Since its inception, the International Crimes Tribunal, which has passed a number of death sentences on opposition political leaders for crimes allegedly committed in the 1971 civil war in East Pakistan, has been the subject of significant criticism from both those who have appeared before it and numerous legal experts. All of whom have concluded that the ICT does not adhere to internationally recognised standards.
According to the 126-page report, the major concerns about the ICT are that the Tribunal lacks impartiality, it allows for the death penalty to be imposed without providing a higher standard of procedural safeguards, it permits trials in absentia and there are concerns about witness tampering and intimidation.
Further, the Tribunal appears to have no rules about admissibility of evidence: many of the convictions have been based on hearsay, and in effect, on guilt by association. The Tribunal does not provide the basic guarantees required by international human rights treaties; the rules about providing adequate time and facilities to prepare a defence have been consistently breached, and most notably, defendants are excluded from enjoying the constitutional protections available to all other Bangladeshi citizens. Continue reading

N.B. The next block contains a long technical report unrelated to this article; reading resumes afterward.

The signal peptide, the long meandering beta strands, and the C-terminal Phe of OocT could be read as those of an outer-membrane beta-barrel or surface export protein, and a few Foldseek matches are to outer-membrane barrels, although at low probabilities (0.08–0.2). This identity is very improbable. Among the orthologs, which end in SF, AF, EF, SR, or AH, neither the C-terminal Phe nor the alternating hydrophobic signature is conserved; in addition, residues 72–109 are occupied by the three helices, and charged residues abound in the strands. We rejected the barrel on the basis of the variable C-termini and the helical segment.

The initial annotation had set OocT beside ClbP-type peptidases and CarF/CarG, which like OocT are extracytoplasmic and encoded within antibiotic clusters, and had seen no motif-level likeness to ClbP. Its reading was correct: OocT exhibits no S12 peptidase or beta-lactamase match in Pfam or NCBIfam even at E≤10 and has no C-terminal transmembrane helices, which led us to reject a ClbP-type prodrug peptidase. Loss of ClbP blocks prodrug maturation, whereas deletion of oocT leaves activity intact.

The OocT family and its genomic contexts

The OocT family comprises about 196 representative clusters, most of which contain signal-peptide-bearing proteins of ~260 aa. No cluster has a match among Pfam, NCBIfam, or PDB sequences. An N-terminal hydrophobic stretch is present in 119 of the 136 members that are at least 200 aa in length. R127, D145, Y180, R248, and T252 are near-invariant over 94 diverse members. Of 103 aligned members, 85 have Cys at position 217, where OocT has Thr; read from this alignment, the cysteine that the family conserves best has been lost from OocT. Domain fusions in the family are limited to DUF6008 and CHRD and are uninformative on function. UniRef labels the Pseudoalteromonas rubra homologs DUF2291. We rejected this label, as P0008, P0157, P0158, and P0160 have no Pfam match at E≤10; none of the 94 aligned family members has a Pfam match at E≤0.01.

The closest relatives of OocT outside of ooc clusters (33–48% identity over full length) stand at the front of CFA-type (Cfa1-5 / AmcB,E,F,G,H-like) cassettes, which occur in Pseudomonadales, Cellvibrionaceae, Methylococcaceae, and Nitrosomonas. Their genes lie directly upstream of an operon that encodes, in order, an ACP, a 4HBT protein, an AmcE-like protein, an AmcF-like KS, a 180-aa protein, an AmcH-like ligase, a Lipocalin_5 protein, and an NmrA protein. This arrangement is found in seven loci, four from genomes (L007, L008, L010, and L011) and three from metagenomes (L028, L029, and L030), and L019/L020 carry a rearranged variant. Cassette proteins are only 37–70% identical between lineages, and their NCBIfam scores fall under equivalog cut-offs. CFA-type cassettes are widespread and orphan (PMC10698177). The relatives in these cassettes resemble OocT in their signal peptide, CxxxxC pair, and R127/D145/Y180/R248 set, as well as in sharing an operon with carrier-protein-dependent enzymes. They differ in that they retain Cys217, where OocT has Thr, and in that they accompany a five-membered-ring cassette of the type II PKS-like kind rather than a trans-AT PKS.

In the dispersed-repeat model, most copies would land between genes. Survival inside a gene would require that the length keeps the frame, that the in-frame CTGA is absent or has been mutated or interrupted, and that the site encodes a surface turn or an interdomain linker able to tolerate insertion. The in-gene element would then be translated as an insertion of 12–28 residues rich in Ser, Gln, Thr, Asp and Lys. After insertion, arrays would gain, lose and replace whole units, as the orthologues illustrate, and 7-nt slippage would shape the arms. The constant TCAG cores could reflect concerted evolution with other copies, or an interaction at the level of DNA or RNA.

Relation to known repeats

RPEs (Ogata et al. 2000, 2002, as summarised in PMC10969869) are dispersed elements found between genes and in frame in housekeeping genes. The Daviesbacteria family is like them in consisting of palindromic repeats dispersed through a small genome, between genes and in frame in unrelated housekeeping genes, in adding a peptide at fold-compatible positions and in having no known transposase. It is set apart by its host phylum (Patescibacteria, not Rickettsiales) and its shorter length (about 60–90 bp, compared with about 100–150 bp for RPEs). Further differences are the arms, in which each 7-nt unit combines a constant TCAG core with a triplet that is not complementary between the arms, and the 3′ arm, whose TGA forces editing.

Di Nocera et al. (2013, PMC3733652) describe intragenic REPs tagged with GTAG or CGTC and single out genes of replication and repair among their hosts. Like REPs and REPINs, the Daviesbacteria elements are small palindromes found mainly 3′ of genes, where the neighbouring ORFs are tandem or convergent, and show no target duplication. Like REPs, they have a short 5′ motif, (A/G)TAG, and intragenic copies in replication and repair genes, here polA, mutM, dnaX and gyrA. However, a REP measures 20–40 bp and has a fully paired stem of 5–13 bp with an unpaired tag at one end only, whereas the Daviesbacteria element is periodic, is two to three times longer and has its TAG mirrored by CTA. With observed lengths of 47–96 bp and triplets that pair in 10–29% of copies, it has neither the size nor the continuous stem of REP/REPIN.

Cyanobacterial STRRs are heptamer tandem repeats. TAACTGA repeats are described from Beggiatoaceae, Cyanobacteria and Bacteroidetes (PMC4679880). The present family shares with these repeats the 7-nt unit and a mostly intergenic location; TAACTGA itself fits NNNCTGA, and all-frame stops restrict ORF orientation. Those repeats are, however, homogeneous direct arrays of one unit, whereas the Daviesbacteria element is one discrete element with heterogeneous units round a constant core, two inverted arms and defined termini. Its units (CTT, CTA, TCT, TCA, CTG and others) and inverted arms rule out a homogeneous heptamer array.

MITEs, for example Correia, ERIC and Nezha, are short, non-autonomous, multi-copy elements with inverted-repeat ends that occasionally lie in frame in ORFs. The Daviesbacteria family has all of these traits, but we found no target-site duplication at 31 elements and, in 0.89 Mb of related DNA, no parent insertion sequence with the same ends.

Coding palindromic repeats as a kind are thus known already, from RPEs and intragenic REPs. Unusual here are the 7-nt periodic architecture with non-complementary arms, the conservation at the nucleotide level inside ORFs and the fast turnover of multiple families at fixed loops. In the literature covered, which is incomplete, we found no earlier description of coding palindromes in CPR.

Senegalese authorities have ruled on Friday 13 February that Hissène Habré, a former President of Chad, will stand trial to face charges of crimes against humanity, war crimes and torture.
The Extraordinary African Chambers, an internationally backed court, was set up by Senegal and the African Union in February 2013 to prosecute “the person or persons most responsible” for international crimes committed in Chad during Habré’s eight-year rule.
After a 19-month investigation, a four-judge panel revealed that there was sufficient evidence that serious breaches of international law were committed during Habré’s presidency, which lasted from 1982 to 1990.
According to a 1992 Chadian Truth Commission, Habré’s government was responsible for conducting 40,000 political murders and systematically torturing more than 20,000. The government periodically targeted various ethnic groups such as the Hadjerai and the Zaghawa, killing and arresting group members en masse when it was perceived that their leaders posed a threat to Habré’s rule. Continue reading